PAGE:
With no adhesives or nailing required, the boards are locked into each other in a floating installation, which is made possible by the way the planks have been constructed. They can either be tongue and groove or click-lock systems. It is not recommended for solid hardwood floors but is effective for engineered hardwood flooring.

One of the benefits of floating installation is that it is very easy to do and it is also very forgiving. If a board is ever damaged, it can easily be replaced. However, because there is no adhesive or nails used in this installation method, the flooring is not as secure as with the other two methods.


What Tools Do You Need to Install Hardwood Flooring?

Regardless of the installation method you choose, there are some basic tools that you will need to install your hardwood flooring:


Tape measure

Ruler or level


Safety glasses

Circular saw

Saw horses





Nail set

Utility knife

Pry bar

Wire brush


You may also need a jigsaw, miter saw, or belt sander depending on the type of hardwood flooring you are using.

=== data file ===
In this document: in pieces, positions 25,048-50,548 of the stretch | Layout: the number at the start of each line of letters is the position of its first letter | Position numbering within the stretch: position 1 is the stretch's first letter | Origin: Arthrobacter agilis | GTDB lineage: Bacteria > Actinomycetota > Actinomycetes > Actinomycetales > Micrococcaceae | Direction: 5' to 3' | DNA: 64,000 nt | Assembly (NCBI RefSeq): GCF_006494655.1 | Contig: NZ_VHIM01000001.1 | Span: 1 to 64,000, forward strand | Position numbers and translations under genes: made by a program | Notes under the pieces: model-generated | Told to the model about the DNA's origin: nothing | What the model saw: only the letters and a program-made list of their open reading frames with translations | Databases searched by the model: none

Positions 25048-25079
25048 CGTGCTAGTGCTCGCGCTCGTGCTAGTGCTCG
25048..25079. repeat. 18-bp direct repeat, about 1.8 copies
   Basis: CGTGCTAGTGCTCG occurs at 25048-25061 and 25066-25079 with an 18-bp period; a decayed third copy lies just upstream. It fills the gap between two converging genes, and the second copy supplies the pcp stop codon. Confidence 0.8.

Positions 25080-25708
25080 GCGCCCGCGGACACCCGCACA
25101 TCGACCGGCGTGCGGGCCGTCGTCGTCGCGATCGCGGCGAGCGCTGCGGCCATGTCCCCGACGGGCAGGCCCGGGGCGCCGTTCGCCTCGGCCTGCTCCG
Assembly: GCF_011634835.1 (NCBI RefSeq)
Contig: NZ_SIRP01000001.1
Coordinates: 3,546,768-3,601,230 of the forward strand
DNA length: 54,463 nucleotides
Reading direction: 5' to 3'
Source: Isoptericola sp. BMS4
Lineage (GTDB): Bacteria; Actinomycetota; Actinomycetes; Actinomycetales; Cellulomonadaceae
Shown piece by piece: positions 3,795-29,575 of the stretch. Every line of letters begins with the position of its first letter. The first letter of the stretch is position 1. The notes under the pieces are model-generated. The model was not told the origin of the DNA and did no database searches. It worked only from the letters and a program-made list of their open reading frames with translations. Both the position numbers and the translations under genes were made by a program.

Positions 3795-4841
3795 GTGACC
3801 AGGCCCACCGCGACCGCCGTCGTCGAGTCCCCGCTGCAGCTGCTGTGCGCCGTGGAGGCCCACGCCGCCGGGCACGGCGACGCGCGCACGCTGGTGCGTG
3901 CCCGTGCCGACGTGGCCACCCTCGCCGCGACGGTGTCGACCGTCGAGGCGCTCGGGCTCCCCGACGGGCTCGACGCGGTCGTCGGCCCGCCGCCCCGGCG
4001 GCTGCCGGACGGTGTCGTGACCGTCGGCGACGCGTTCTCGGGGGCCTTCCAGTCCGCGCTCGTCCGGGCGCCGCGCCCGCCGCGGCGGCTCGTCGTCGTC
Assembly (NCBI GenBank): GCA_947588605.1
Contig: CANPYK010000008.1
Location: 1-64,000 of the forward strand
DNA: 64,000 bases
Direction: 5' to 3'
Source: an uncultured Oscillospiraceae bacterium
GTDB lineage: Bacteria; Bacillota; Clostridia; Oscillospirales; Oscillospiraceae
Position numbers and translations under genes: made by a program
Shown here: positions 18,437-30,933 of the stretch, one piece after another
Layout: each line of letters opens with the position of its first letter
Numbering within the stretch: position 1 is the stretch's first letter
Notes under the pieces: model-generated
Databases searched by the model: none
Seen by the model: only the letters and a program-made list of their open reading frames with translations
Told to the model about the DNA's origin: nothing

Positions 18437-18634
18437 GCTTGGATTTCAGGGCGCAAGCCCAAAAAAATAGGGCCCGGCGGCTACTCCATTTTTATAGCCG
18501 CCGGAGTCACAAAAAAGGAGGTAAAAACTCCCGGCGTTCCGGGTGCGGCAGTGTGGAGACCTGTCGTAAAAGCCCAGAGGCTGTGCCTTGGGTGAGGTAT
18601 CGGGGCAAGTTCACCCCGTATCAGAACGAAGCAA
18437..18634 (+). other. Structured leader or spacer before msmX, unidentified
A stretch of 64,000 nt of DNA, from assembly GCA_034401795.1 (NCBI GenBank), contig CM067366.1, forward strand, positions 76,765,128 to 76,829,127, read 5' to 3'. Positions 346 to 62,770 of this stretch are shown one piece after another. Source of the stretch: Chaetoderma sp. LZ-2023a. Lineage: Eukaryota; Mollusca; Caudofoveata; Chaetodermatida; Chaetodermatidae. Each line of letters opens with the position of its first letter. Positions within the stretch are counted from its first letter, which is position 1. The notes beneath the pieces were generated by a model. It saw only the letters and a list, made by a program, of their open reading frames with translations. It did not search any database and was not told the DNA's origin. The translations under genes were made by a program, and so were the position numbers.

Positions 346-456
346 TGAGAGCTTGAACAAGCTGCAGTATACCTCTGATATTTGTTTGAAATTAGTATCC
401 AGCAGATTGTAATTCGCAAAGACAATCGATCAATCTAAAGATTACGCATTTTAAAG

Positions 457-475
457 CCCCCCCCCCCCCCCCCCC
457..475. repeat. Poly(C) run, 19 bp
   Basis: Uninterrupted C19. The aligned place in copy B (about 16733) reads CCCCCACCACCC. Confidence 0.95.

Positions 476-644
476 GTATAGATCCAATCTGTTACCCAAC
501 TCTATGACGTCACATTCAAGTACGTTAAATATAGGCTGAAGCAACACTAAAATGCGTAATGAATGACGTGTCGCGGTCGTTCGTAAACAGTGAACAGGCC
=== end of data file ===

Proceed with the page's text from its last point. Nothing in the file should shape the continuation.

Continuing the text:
When purchasing your tools, make sure to buy the best quality you can afford. The better quality tools will last longer and make the installation process much easier.

Whatever installation method you choose, make sure to read the manufacturer's instructions carefully to ensure that you are using the correct tools and techniques, should you decide to DIY.


Ua Floors: Your Hardwood Flooring Experts

Depending on your needs and preferences, these installation options can indeed influence your decision when buying hardwood flooring. This is why it is important to note how nail-down, glue-down, and floating installation methods present unique advantages. 

For instance, nail-down offers a very stable and sturdy installation, while glue-down provides a permanent installation. Floating flooring, meanwhile, is the easiest to install but isn’t as secured once in place. That being said, Ua Floors – your global engineered flooring supplier – is here to provide you with a high-quality collection of beautiful and iconic hardwood floors. Feel free to let us know what installation option you prefer and we’ll get the job done.

Interested to find out more? Get in touch with us today.